Back to Diversity in the US
After effects of the GMF experience 1

Civic design, not election design in Europe

First blush at this, but as I think about the priorities for civic deisgn type engagements that could happen in European countries, it is quite different from those of the USA.

In the US for Design for Democracy, election design was the first strong foray into a systematic and scaled engagement between the design community and government.  Althought there was an early project on transportation design with the DOT. The focus on Election Design makes sense when one considers the US presidential system, in which citizens directly vote for candidates and often propositions, which in turn makes (1) voting more complicated than in Europe, thus requiring design to clarify and simplify the information; and (2) a greater potential political will in enabling people to vote more easily. Of course, the second point will be more evident when the Help American Vote Act monies dry up and new ballots still need to be designed, but I think it would be easier to make a case for election design as a priority in the US versus Europe. 

In Europe since a citizen votes primary for political parties  (of which there may be maximum of 6 or 7) as opposed to individual candidate positions and referendums and propositions are not part of the democratic tradition, it does not seem the area of governance in which design can make a the biggest impact, beyond get out the vote efforts which are necessary everywhere.

In the US, emergency and evacuation design has been precipitated by Hurricane Katrina, but already there seems to be waning interest and money for the topic outside of potential terrorism threats again. Immigration and Medical Information are all ripe for development, but seem to have no key political mandate, outside the Medical D fiasco, which is begging for a series of design solutions.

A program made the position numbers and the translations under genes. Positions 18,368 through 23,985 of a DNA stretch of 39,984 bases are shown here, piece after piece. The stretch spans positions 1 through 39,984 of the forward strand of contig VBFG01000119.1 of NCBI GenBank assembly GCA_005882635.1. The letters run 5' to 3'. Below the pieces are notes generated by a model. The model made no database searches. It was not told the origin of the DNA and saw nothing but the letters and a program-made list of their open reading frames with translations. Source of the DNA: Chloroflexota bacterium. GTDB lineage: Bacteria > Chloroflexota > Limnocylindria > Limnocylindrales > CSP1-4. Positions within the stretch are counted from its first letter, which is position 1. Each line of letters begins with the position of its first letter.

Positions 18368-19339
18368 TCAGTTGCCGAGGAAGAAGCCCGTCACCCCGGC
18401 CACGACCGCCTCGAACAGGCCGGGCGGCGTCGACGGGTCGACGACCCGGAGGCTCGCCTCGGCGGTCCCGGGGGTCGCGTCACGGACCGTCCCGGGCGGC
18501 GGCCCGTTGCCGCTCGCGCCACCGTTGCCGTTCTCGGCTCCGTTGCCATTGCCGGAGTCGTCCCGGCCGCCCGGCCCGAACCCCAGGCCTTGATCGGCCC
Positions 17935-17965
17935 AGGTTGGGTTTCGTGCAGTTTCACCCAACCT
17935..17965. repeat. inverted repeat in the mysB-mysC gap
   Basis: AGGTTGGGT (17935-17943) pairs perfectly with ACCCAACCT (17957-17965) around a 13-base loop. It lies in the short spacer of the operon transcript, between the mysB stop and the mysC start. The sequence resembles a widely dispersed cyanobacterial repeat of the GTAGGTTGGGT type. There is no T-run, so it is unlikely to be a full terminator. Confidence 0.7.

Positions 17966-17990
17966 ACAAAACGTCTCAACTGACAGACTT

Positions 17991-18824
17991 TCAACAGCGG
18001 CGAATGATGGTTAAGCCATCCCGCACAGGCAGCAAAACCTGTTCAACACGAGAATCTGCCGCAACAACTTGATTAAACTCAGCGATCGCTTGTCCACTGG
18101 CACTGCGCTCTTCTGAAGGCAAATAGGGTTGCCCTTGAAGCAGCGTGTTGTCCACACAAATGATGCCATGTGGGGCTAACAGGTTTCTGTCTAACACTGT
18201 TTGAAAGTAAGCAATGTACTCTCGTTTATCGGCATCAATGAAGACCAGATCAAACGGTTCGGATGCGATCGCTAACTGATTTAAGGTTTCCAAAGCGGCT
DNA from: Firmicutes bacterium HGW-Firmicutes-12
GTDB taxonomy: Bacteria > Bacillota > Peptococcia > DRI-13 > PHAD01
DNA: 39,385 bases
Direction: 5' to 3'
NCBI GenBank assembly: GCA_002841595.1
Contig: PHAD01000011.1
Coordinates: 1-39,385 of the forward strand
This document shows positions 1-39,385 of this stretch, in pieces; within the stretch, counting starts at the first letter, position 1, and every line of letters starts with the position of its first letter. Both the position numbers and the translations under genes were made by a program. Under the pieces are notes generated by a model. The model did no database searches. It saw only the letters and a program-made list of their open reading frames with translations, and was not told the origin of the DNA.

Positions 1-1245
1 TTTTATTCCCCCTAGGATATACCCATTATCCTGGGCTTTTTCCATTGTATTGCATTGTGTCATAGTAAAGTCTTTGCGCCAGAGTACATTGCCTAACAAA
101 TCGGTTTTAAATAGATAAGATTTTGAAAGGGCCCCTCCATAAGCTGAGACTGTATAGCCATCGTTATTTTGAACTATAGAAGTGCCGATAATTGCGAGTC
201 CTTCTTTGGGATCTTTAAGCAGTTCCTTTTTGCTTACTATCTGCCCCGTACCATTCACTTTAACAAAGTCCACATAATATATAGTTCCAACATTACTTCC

As topics for Europe, the immigration process and policy seems so undefined in many ways that it would be difficult to start developing design artifacts around it.

From the European perspective, if I was the head of a European Design Council, I would start with two civic design projects:

  1. Medical and health information, environmental, and process design to support patient decision making.  Because Europe's social welfare net is wider and stronger than that of the US's, the degree of government involvement in medical decision making is greater. Some anecdotal complaints from European friends (not necessarily on the trip) about access to alternative treatment options and the rationing of health services make the hospital a powerful site of goverment and citizen interaction. Whereas in the US, the hospital is often a site of insurer/citizen interaction. To improve that interaction would go a long way in building trust in the government.
  2. The redesign of the European constitution so that the average European can understand it in their own language. I am fascinated by the division and distance between "elites" and ordinary people in the discourse about European government. The constitution was designed in a way that only a lawyer could love, but there were plans to have people vote on it, a 430 page document written in legalese. I would promote a informational campaign similar to AIGA's Inequality Matters poster campaign for the UN Human Development Report. Perhaps it can be a start of a new dialogue between the European political "elites" and ordinary people that could bridge the gap of alienation that seems to be informing the rise of popularist politics in Europe.

This is not to say that the US does a better job at all, but it is interesting to note in a potential transatlantic dialogue about civic design how the priorities might differ.


The comments to this entry are closed.